This is why “insurance” measures are locked in from the start. In particular, chemical-based fertilisers, pesticides and fungicides and also increasingly, the use of genetically modified seeds and livestock, as well as steroids and antibiotics to promote rapid growth and prevent sicknesses.

In fact, through corruption, key individuals in a number of those regimes actively took advantage of the situation and joined the white families in becoming big landholders themselves.

The goal is huge, regular volumes of uniform products to be processed and marketed to huge urbanized populations.

The whole commercialisation process begins in the West, where this industry is the most developed. The European conquest of the continents of north and South America, also mark the period when food production migrated from being a community-based activity, to an industry.

This led to the clearance of human settlement from large areas of land, as well as the destruction of forests and wetlands, all to make way for the animal ranches and very big plantations.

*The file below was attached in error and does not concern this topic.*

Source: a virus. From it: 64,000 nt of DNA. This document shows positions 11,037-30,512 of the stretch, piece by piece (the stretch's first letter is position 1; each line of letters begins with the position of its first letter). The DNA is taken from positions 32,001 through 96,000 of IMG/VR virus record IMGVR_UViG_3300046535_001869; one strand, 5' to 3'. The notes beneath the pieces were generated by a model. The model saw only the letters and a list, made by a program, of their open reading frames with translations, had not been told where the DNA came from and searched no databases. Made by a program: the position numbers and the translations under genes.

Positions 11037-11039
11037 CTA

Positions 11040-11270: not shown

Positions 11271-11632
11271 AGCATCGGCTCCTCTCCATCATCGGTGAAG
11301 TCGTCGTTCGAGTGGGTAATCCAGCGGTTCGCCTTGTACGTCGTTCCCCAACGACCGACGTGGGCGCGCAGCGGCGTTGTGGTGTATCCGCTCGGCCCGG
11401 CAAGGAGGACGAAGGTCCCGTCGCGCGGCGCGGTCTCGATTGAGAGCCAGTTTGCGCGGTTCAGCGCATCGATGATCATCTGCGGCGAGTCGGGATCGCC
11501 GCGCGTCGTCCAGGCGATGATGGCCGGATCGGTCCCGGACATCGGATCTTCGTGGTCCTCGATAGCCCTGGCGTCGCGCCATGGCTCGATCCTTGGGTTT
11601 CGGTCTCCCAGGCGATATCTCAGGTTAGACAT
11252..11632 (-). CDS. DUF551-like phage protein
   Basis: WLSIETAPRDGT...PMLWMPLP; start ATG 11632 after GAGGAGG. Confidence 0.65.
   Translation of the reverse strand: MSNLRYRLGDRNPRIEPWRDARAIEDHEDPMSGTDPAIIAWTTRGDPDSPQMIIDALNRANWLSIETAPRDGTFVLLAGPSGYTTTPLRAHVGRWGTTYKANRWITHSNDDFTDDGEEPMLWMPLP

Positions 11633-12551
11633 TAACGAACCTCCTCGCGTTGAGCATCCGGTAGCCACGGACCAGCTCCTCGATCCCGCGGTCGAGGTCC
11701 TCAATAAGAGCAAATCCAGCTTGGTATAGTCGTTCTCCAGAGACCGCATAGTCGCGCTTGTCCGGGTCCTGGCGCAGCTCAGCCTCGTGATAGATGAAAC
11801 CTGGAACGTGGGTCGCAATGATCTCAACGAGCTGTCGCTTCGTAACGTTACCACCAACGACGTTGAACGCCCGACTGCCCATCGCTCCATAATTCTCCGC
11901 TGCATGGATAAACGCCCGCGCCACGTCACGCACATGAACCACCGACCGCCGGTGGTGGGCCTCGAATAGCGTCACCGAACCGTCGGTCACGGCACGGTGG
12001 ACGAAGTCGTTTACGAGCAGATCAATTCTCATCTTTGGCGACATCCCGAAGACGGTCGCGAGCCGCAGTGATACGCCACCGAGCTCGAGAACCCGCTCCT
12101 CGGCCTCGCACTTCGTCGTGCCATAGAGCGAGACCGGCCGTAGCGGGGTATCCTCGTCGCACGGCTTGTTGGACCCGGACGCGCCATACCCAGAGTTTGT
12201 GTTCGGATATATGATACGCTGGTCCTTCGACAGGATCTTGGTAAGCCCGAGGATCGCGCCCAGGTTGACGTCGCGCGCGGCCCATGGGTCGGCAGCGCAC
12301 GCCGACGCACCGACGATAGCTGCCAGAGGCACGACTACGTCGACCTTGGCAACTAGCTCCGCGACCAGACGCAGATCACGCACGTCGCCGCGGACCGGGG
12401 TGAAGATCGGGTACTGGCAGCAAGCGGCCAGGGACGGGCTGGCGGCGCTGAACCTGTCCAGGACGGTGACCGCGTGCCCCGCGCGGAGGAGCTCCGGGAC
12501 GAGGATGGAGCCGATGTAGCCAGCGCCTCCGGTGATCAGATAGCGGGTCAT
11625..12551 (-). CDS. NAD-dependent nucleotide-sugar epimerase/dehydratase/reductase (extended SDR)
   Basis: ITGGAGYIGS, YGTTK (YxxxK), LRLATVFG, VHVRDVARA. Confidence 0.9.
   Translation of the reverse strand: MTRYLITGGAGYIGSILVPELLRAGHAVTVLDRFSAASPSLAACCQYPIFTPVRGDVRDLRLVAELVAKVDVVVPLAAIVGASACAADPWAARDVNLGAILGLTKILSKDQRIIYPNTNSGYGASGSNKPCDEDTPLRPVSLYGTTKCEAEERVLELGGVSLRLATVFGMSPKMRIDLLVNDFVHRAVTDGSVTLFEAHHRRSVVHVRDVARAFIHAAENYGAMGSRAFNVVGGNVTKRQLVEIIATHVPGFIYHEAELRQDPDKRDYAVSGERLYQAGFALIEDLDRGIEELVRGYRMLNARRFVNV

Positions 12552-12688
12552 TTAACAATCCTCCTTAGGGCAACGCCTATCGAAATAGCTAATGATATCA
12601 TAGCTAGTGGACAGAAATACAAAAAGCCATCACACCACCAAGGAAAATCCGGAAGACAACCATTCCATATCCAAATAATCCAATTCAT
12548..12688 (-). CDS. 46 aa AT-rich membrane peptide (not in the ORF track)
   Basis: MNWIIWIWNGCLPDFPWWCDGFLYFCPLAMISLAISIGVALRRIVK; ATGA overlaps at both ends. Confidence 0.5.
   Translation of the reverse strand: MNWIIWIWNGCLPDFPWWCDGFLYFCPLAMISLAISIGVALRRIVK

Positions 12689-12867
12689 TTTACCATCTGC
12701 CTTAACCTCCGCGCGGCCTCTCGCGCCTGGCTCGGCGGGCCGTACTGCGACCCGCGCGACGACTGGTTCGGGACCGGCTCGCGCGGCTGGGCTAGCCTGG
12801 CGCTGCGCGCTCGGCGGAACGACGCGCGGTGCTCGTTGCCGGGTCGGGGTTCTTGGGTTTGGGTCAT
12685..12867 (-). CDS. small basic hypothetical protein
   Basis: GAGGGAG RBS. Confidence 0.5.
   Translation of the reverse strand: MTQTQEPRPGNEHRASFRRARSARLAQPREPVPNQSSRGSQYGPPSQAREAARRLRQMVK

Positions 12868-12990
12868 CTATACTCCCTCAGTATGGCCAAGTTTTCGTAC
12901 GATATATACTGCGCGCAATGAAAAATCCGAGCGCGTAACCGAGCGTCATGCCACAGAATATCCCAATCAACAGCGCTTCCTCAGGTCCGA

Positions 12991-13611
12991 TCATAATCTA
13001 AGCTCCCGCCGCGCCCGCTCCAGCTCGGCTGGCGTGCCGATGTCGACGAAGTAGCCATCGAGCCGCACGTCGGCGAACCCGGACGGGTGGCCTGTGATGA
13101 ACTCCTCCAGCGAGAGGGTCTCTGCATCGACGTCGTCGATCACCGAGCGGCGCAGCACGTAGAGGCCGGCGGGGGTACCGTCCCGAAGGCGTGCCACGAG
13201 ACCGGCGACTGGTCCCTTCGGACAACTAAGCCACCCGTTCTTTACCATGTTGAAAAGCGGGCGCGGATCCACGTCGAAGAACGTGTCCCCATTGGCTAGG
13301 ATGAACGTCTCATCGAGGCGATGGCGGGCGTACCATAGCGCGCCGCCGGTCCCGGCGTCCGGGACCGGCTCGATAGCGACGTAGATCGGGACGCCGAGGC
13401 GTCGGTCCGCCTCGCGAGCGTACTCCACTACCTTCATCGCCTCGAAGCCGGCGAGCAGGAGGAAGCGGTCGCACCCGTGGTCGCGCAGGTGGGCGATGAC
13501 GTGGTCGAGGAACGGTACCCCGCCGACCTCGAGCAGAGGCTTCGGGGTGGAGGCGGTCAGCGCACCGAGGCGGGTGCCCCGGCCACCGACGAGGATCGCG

This way of life is now being increasingly imposed on all societies, as “the normal”.

The recent riots in the Republic of South Africa for example, are an illustration of the dangers of becoming prisoners of a privately owned, mechanised food supply system, and also an attempted repudiation of it.

The rest of Africa is quickly “catching up” to this advanced backwardness, with the increasing rate of unplanned migration to urban centers due to loss of opportunities in community-based agriculture.

In Uganda for example, this process was driven by the intentional Museveni-led neo-liberal disruptions to the adapted system of community-based agriculture that has been built up in the country over a period of nearly eight decades.

Agricultural production remains at the heart of this struggle. The Africans sought to ensure that they continued to produce their indigenous food crops so as to retain food sovereignty, while at the same time engaging in the new cash crop economy that was encroaching on their land and labour power.